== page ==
The cause of NVP is yet to be determined. Many researchers believe it happens due to the physical and hormonal changes taking place during early pregnancy.
NVP is extremely common and affects an estimated 80% of pregnant women.
For most women, NVP starts between the 4th and 8th week of pregnancy and ends between the 12th and 16th week. However, NVP can last longer for some women, sometimes up until the end of the pregnancy.
Despite the term ‘morning sickness’, NVP can occur at any time of the day. Its occurrence and severity of NVP varies from woman to woman.
Your baby’s health may be affected if your own health is compromised by NVP. Therefore, it’s important to speak to your doctor about your symptoms.
When taken at an early stage, Doxinate helps alleviate morning sickness and thus improves quality of life for the patient. It also helps prevent the condition from progressing to severe NVP - or hyperemesis gravidarum - which requires hospitalisation to rehydrate the patient.
Doxinate is available in pharmacies across India, as well as the ecommerce platforms Netmeds and 1mg.
Since 1986, the medical community has considered Doxinate the medication of choice for NVP. It has been prescribed to millions of women.
United States Food and Drug Administration (USFDA)
American College of Obstetricians and Gynaecologists (ACOG)
Society of Obstetricians and Gynaecologists of Canada (SOGC)
Motherisk - The Hospital of Sick Children, Toronto, Canada
National Organization for Rare Disorders (NORD)

Doxinate is the most researched medication for use in NVP and has been studied in more than 200,000 women. All studies confirmed Doxinate’s safety and efficacy, no matter how early and for how long it is taken during pregnancy.
Doxinate scored an ‘A’ safety rating in Briggs’ Reference Guide to Fetal and Neonatal Risk.
It does not increase a woman’s baseline risk of having a child with a major malformation.
Doxinate can be used to treat NVP during any trimester of pregnancy. It is shown to be safe during all three trimesters.
A body of research has shown Doxinate to be safe for the baby, no matter how early and for how long it is taken during pregnancy. The dosage should be gradually reduced to avoid a sudden return of NVP symptoms.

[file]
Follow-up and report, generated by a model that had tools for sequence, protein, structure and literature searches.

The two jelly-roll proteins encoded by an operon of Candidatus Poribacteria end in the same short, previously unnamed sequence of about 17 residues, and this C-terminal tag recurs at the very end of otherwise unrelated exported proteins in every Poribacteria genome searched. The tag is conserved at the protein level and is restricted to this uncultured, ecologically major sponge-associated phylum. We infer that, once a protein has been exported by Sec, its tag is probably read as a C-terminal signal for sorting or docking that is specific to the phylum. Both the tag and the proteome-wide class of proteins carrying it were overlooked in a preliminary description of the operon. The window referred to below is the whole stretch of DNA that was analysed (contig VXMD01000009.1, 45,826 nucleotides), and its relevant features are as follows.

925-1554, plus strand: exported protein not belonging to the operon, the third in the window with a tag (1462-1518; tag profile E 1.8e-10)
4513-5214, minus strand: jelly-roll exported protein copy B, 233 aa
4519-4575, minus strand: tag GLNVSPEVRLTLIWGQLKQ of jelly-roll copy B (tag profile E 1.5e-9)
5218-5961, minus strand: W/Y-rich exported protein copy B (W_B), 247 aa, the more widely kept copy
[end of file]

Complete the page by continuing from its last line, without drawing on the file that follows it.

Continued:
Doxinate is specifically indicated for nausea and vomiting during pregnancy, and therefore not indicated for use during lactation. There are no published reports indicating the safety of using it during lactation. Using Doxinate during lactation is considered off-label use.
Doxinate is a combination of doxylamine succinate and pyridoxine. Because of doxylamine succinate’s low molecular weight, it can be passed through breast milk. Its effects on a nursing infant - if any - are unknown, but its sedative and other antihistamine actions are a potential concern. The manufacturer of at least one doxylamine preparation states that doxylamine is not indicated for use during lactation.
Pyridoxine is compatible with breastfeeding because it is present in a low dose in Doxinate tablets. Thus, it presents no risk to nursing infants.
We do not promote the use of Doxinate while breastfeeding. However, if your doctor still chooses to prescribe it, it is important to monitor the baby for signs of sedation, such as sleepiness.
Do not stop taking Doxinate on your own. Always consult your doctor before changing the dosage of your prescription. If your doctor decides to reduce your dosage, it will be gradually reduced to prevent a sudden return of your symptoms.
Doxinate’s delay in action may be prolonged if the dose is taken with food. Instead of taking 4-6 hours, it may take up to 9-11 hours to work optimally.
Drowsiness may last between 4 days to 2 weeks after beginning to take Doxinate. Depending on the patient’s metabolic rate, her body will adjust to the dosage within 2 weeks.
No interaction has been proven between Doxinate and folic acid. It is safe to take both substances at the same time.
Doxinate does not contain tartrazine.
Do not take your Doxinate tablets if the expiry date on the strip indicates that they have expired. Their effectiveness may be altered.
We recommend consulting your doctor for a new prescription.
Even if you were prescribed Doxinate in the past, we recommend consulting your doctor for a new diagnosis. The new prescription’s dosage and schedule will be based on your current symptoms. We do not recommend beginning treatment without a doctor’s supervision.